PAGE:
Pearl's punishments may not be over yet

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Apparently everyone cheats in college hoops. Some intentionally push or break the rules. Others make honest mistakes because of the monstrous rulebook.

This wasn’t one of them.

Bruce Pearl’s admission that he gave misleading and incorrect information to the NCAA during a 17-month investigation of the Tennessee men’s basketball program marks a sad moment for a coach who once was a college hoops whistleblower and paid the price for it.

Should people be surprised Pearl – one of the game’s best recruiters – went too far in going after players? No. What’s surprising is that he had a chance to ease any potential fallout and didn’t.

He lied.

“I’ve made some serious mistakes, and for that I’m truly sorry,” Pearl said tearfully at a news conference. “I provided incorrect and misleading information to the NCAA. I’ve learned some invaluable lessons. After I provided the false and misleading information, subsequently I went back and corrected the record.

“I learned that it’s not OK to tell the truth most of the time, but you’ve got to tell the truth all of the time,” he said.

No one likes a liar, least of the NCAA. That’s been the organization’s message in dealing with coaches who fib, such as Kelvin Sampson and Dave Bliss. (Not to mention what the NCAA does to student-athletes who lie.)

For now, Pearl’s still the coach at Tennessee. His apparent contrition during Friday’s press conference probably helped convince the school to stand by him for now (though his outstanding record at the school was likely the biggest factor). He’ll take a $1.5 million pay cut over the next five seasons and the school self-imposed recruiting sanctions in an effort to placate the NCAA.

Will that be enough? Will Pearl eventually be fired because of this? (As John Clay wonders, perhaps he should’ve been already.) Andy Katz reports the NCAA’s Committee on Infractions could certainly add to the penalties.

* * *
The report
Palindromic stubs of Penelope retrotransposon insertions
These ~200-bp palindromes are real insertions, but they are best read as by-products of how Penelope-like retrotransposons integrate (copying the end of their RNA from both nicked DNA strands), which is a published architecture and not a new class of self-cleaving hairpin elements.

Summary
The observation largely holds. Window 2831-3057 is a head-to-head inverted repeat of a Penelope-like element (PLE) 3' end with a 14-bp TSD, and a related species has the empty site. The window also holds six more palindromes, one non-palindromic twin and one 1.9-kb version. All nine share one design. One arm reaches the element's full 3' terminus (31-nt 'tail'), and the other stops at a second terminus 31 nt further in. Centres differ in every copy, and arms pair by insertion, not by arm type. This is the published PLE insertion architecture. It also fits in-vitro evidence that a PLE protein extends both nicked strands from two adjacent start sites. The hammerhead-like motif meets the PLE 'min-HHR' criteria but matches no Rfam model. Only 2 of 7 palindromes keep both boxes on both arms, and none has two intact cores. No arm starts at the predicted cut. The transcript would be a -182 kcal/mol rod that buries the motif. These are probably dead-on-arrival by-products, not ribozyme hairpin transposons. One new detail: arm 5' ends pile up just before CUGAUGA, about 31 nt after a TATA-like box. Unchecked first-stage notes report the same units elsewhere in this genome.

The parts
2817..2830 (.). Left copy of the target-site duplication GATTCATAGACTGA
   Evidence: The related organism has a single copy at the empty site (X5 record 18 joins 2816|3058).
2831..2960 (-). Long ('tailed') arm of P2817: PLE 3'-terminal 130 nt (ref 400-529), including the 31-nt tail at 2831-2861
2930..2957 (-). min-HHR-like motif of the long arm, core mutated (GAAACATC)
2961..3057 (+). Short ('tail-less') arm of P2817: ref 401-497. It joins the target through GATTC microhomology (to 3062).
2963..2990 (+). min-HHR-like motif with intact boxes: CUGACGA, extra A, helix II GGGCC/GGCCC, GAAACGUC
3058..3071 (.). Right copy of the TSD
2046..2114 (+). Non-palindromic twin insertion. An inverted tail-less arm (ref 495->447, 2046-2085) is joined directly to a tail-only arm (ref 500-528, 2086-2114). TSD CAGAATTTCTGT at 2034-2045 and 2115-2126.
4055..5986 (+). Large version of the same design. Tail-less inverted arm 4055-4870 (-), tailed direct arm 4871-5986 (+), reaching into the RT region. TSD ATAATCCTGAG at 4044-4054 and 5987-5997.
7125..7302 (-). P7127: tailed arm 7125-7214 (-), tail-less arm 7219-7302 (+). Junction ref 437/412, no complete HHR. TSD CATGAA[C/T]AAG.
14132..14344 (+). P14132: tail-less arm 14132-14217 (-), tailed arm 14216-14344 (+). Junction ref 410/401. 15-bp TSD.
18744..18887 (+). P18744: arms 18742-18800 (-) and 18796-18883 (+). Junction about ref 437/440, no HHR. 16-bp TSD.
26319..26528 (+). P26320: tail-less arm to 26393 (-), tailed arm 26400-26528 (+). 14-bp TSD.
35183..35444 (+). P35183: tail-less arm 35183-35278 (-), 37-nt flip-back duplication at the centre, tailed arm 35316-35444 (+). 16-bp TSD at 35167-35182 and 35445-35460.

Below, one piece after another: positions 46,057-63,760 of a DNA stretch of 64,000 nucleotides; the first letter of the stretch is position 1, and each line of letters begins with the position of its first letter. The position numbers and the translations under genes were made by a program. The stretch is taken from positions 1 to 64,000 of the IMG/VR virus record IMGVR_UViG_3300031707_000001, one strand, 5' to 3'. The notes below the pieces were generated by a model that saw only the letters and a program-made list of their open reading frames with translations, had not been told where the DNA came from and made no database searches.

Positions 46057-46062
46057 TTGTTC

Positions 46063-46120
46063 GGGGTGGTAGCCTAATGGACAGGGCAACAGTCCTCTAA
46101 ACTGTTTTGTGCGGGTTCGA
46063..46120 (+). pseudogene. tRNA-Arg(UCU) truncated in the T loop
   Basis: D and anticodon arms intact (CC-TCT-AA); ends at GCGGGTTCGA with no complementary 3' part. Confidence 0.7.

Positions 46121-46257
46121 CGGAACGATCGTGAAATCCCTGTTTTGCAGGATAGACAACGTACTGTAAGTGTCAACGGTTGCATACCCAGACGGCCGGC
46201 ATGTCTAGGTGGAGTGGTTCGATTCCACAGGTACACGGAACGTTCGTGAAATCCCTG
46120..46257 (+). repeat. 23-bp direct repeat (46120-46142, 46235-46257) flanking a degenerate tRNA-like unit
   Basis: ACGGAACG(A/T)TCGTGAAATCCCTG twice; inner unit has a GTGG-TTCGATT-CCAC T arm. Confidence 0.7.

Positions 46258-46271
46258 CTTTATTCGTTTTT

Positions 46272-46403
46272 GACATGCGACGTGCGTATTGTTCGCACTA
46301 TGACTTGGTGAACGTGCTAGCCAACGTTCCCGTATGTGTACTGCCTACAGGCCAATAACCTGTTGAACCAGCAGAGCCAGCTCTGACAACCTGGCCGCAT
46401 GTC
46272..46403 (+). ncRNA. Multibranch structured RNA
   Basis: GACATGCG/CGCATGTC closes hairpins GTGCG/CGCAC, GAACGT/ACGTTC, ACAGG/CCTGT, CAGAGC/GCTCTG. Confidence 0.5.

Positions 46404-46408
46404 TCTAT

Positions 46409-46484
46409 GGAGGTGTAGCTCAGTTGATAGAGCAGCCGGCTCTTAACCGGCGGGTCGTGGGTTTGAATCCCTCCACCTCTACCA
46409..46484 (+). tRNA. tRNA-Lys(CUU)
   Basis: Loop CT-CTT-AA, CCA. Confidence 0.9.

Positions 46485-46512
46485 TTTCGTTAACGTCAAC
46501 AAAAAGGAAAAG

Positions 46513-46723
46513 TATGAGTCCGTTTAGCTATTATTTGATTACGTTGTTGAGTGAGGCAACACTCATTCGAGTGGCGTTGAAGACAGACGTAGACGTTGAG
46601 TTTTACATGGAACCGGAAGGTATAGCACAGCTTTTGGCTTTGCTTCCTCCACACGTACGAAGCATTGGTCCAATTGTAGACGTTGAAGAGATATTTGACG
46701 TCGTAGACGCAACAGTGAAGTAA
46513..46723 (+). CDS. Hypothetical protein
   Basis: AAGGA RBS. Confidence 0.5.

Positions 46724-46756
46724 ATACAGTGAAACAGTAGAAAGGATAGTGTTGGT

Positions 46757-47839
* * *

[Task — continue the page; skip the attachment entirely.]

“Anytime you run into real ethical things, it increases the stakes. That’s pretty serious. There are trust issues here. If you can’t trust the guy, then you usually do part ways,” Don Yeager, the CAA commissioner and former chair of the committee.

“You can restrict activity at the school, even if the coach is still there. There are a lot of situations where the school says they still believe in this coach, even though he made a horrible decision.”

Horrible decision is right. He might not be done paying for it, either.

Mike Miller’s also on Twitter @BeyndArcMMiller, usually talkin’ hoops. Click here for more.

Illinois State ends No. 21 Wichita State’s 12-game win streak

Fred VanVleet
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Having won 12 straight games, No. 21 Wichita State entered the weekend one of the hottest teams in the country. And with a four-game lead atop the Missouri Valley standings, clinching the regular season title was more a matter of “when” as opposed to “if.” But none of that mattered Saturday night at Illinois State, as the Redbirds managed to hand the Shockers their first conference loss by the final score of 58-53.

In addition to the 12-game win streak, which was second to Stony Brook (15 straight wins), Wichita State also saw its 19-game win streak in Valley regular season games come to an end. Illinois State was the last Valley team to beat Wichita State, eliminating the Shockers in the Arch Madness semifinals last March, and they played with the confidence of a team that believed it could win.

And after a rough first half the Redbirds found a way to come back, erasing a 16-point second half deficit in the process.